Hymns to the Divine Mother
Adi Sankara, the greatest of advaitins, has
written his commentaries on the Upanishads, the Gita and the Brahmasutras,
considered the three pillars of Hindu philosophical thought.  At moments, however, Sankara has come down
from the highest pedestal of Advaita to the level of Saguna Upasana
to give us a rich heritage of stotras or hymns composed on different aspects of
the Divine. His contribution to  stotra
literature in Sanskrit is unique.  These
hymns have captivated the hearts of Hindus by their devotional fervour, poetic
beauty and philosophical content.  Even
today millions of Hindurs throughout the length and breadth of the country
daily recite some of these beautiful hymns. 
Sankara’s personality as a poet, as a philosopher and above all as a
great devotee clearly comes through in these compositions.  
In the spiritual evolution of the individual, Saguna
has an important place. Worshiping the Divine by singing hymns in
His praise is an essential part of this upasana.   In
the Shanti Parva of Mahabharata Bhishma says in reply to a question by
Yudhishthira that worshiping the Lord by singing hymns in His praise is the
highest dharma or virtue:
                                  एष मे सर्वधर्माणां धर्मोऽधिकतमो मतः।
               यद्भक्त्या पुण्डरीकाक्षं स्तवैरर्चेन्नरस्सदा ॥   
              Esha me
sarvadharmaaNaam dharmodhikatamo mata:
             Yadbhaktyaa puNdarIkaaksham stavairarchennarassadaa        
Bhishma says “ In my opinion  worshiping Lord Vishnu,  who has eyes as beautiful as the lotus petal,  by singing hymns in His praise,  is the highest dharma”
The saints say that in this Kali Yuga this is
an easy means of salvation to human beings. 
“Of all yagnas, I am Japa Yagna”  
“यज्ञानां जपयज्ञोऽस्मि” – so says the Lord in the Gita. Japa and
stotra- these do not call for any material 
possessions on the part of the devotee. Any one, even those without
material means,  can easily do Japa
and stotra.  Sankara has, therefore, out
of kindness towards humanity, composed a large number of stotras on different
aspects of the Divine.  Each one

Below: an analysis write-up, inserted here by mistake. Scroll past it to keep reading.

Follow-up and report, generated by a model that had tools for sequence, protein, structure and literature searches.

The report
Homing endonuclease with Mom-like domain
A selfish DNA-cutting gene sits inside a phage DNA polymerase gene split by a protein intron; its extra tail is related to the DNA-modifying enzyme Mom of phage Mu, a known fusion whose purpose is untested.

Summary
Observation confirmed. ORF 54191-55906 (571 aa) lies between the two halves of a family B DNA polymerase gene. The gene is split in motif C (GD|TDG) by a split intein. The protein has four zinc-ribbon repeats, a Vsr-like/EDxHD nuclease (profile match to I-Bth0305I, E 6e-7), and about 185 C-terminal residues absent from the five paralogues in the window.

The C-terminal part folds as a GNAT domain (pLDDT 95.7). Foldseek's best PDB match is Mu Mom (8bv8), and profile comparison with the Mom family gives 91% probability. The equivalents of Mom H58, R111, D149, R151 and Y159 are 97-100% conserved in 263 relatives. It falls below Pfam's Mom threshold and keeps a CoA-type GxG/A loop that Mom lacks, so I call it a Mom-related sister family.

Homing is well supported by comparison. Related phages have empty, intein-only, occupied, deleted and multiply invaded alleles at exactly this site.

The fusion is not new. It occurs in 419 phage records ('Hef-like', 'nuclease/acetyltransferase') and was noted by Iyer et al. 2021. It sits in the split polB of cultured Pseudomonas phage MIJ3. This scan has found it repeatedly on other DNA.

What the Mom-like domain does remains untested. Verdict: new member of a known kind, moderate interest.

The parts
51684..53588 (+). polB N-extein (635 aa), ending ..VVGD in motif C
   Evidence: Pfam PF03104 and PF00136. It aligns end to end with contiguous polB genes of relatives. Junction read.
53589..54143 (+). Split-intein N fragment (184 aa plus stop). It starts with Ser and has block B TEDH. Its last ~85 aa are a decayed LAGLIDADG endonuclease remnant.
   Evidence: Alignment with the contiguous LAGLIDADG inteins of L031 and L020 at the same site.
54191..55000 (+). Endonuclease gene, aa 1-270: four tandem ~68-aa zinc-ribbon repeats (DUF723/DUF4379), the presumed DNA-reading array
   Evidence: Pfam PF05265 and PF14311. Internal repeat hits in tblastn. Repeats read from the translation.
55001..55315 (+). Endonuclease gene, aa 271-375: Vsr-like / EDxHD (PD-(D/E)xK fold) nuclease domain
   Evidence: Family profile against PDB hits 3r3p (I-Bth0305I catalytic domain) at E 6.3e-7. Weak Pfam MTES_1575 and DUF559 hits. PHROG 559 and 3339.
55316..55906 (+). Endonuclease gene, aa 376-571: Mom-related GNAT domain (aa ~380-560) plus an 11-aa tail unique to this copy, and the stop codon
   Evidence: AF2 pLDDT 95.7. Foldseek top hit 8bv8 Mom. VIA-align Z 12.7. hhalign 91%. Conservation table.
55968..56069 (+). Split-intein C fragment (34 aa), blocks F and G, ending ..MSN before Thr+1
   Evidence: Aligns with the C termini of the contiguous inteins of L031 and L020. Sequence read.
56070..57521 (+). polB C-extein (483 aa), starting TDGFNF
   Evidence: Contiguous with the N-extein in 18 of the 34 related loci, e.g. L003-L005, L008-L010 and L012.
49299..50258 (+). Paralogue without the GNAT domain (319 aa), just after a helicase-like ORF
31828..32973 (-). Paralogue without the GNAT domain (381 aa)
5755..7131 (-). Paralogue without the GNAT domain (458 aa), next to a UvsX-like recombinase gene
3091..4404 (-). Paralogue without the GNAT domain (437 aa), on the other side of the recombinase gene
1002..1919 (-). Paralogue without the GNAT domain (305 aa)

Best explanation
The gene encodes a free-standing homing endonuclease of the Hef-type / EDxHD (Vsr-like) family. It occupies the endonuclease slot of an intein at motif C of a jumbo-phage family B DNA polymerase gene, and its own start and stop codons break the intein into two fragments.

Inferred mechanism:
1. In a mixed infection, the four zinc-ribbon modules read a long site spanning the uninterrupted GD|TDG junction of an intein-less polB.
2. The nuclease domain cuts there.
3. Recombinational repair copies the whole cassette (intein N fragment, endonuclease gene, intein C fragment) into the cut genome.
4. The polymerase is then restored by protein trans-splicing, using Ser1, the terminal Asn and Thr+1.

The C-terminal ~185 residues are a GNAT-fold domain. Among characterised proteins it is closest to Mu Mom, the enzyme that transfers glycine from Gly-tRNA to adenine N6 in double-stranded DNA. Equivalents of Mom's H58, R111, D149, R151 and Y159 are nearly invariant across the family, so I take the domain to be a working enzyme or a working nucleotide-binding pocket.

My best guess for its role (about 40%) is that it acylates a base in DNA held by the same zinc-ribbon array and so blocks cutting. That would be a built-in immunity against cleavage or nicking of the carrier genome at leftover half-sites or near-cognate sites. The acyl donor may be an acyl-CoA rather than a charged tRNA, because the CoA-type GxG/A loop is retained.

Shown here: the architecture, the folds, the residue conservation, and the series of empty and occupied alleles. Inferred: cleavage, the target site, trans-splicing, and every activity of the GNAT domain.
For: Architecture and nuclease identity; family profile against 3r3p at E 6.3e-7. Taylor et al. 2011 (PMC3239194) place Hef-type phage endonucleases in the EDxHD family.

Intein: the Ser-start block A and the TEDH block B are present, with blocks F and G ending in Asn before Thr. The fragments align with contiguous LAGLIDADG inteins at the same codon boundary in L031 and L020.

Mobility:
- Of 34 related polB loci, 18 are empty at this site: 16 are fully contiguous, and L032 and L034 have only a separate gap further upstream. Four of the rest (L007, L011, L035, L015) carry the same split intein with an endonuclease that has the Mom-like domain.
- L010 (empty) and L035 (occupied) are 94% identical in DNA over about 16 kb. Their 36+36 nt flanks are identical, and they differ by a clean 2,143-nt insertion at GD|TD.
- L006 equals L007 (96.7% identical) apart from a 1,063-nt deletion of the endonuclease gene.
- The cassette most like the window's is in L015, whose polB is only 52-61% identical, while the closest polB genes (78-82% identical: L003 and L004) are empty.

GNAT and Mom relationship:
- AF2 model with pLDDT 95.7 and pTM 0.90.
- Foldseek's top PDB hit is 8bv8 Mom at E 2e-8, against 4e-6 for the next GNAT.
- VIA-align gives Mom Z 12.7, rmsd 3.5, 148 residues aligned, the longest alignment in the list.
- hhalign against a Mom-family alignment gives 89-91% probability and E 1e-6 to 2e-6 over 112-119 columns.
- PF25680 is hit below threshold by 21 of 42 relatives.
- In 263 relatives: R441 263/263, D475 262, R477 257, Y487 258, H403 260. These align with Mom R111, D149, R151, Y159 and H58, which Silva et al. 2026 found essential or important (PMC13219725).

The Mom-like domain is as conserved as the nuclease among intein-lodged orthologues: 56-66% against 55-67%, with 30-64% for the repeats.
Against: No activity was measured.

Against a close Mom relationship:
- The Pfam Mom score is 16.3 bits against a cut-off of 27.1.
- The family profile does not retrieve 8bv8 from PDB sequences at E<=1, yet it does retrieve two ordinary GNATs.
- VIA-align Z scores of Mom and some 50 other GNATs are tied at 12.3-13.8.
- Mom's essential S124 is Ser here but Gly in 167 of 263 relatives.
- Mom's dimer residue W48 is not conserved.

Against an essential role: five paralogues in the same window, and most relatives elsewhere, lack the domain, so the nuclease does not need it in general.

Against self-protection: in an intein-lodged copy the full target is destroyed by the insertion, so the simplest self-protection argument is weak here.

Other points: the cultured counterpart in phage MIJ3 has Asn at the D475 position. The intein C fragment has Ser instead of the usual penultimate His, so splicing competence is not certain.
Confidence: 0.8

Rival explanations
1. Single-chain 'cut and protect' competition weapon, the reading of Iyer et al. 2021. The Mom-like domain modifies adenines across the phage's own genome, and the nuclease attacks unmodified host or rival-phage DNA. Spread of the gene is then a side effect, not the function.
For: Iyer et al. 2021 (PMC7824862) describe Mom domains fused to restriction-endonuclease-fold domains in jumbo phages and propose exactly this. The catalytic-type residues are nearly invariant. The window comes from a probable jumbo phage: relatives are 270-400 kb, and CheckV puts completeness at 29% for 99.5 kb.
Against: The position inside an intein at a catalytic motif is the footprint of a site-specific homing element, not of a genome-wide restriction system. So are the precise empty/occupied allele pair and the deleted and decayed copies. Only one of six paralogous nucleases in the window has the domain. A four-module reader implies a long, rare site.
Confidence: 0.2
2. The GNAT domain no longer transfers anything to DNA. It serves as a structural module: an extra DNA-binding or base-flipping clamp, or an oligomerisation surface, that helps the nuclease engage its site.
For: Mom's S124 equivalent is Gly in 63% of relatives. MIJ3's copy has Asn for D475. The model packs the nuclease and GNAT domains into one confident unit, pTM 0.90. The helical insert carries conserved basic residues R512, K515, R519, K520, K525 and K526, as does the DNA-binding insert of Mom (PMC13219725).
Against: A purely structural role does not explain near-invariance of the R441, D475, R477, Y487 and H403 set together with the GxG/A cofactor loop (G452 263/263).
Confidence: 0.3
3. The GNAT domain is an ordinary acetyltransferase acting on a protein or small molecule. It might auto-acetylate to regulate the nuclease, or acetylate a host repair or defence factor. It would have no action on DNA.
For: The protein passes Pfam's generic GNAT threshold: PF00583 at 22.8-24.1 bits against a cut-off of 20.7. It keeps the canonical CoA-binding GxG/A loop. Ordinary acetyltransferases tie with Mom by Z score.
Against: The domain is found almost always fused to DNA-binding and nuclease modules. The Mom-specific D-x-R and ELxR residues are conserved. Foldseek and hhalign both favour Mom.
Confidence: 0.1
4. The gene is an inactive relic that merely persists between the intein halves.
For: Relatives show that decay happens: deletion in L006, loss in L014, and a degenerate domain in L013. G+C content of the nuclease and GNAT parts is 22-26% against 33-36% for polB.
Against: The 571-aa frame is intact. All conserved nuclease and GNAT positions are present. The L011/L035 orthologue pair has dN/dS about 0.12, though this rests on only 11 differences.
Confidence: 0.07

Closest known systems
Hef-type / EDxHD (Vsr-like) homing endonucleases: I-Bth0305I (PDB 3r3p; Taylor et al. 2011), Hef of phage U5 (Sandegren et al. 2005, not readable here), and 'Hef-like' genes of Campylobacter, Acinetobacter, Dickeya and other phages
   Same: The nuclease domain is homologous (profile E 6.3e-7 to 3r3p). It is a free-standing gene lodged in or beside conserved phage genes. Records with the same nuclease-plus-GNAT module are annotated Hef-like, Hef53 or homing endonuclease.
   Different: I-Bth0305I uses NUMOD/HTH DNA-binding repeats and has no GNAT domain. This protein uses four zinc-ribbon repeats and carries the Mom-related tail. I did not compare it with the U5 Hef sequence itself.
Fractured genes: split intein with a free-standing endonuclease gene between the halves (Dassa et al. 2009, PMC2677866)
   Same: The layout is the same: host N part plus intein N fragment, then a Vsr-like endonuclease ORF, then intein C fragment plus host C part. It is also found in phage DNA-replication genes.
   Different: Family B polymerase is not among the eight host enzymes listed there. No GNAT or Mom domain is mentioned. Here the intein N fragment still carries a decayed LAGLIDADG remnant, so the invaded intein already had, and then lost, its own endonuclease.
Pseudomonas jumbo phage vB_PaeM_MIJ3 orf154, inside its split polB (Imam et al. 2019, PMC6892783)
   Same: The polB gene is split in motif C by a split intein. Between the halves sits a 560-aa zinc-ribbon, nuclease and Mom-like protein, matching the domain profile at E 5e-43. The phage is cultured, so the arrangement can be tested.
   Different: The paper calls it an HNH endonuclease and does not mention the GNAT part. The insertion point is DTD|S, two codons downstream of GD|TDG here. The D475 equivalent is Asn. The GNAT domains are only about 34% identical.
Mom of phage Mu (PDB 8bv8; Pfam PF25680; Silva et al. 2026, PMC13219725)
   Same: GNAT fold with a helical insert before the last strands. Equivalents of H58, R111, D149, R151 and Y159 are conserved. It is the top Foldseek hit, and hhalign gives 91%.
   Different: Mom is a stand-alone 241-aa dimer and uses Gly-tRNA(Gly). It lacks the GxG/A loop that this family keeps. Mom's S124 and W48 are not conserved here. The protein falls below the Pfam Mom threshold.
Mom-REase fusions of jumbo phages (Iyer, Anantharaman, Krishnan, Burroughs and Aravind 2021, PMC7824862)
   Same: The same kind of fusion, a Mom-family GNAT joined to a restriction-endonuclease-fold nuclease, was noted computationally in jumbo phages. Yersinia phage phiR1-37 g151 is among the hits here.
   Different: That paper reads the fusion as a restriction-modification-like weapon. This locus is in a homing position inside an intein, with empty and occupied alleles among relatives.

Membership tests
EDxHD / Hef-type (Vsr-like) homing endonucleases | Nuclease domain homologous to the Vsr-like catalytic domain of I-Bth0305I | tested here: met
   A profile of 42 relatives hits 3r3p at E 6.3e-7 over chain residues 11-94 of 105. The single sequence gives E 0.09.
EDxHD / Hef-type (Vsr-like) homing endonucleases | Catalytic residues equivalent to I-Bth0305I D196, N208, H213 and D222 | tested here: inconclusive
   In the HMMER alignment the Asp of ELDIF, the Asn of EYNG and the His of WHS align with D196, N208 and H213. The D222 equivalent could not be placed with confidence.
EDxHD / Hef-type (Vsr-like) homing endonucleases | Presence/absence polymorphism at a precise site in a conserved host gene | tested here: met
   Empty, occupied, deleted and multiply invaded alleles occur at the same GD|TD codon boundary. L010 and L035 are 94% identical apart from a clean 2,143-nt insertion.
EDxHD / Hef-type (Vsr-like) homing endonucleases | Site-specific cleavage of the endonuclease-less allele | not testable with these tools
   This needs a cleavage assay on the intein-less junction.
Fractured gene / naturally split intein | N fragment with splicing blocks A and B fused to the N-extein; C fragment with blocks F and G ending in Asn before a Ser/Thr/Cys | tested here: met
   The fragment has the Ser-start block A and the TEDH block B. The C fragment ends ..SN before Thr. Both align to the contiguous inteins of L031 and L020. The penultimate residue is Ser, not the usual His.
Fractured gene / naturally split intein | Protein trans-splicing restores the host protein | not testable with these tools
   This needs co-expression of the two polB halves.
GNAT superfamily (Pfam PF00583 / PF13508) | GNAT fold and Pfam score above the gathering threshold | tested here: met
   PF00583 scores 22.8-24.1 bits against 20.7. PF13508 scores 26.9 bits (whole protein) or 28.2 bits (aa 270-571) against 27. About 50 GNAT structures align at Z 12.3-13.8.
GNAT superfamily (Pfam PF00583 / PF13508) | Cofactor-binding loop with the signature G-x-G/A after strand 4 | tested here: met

according to his tendencies, can worship that aspect of the Divine which is
dear to his heart by singing these hymns.
 How is it that Sankara, the greatest advaitin,
comes down to the level of saguna upasana in these hymns composed by
him?  The greatest teacher himself
replies to this point in his hymn ‘Shatpadi’:-
                                        सत्यपि भेदापगमे नाथ तवाहं न मामकीनस्त्वम्।
                   सामुद्रो हि तरङ्गः क्वचन समुद्रो न तारङ्गः ॥      
               Satyapi bhedaapagame naatha
tavaaham na maamakeenastwam         
                Saamudro hi  taranga: kwachana samudro na taaranga:
there is no fundamental difference 
between (You and me), O Lord, I am Yours 
; You are not mine.  The wave is
of the ocean, the ocean is not of the wave (though there is no fundamental
difference between the two.”   This is
how Sankara justifies Saguna Upasana.
Sankara’s  hymns to the Divine Mother are full of
devotional fervour.  In these
outpourings, the great teacher becomes a child reveling in the love and
affection of the Mother, utterly surrendering himself to Her Will.  Even the very words of the  hymn flow from Her through him as he says at
the end of ‘Saundarya Lahari’.         “ त्वदीयाभिर्वाग्भिस्तव जननि वाचां स्तुतिरियम्”
             ‘Twadeeyaabhirvaagbhistava janani vaachaam
Ananda Lahari “ opens with the 
                                   भवानि स्तोतुं त्वां प्रभवति चतुर्भिर्न वदनैः
                  प्रजानामीशानः त्रिपुरमथनः पञ्चभिरपि।
                न षड्भिस्सेनानी दशशतमुखैरप्यहिपतिः
                  प्रणन्तुं स्तोतुं वा कथमकृतपुण्यः प्रभवति ॥   
Bhavaani stotum twaam prabhavati chatrubhir
na vadanai:
prajaanaameeshaanah  tripuramathana: panchabhirapi
na Shadbhissenaanee
PraNantum stotum vaa kathammakritapuNyah
“O Bhavani! Even
Brahma with his four faces, Siva with his five, Shanmukha with his six and
Adishesha with his thousand faces are unable to sing your praise adequately.
How then can any one else , with no punya to his credit, sing your
praises?”   However, the devotee does not
give up his attempt to sing the praises of the Divine mother. He says at the
end of Devi Bhujanga Stotram:
               इति प्रेमभारेण किञ्चिन्मयोक्तं
                  न बुद्ध्वैव तत्वं मदीयं त्वदीयम्।
               विनोदाय बालस्य मौर्ख्यं हि मातः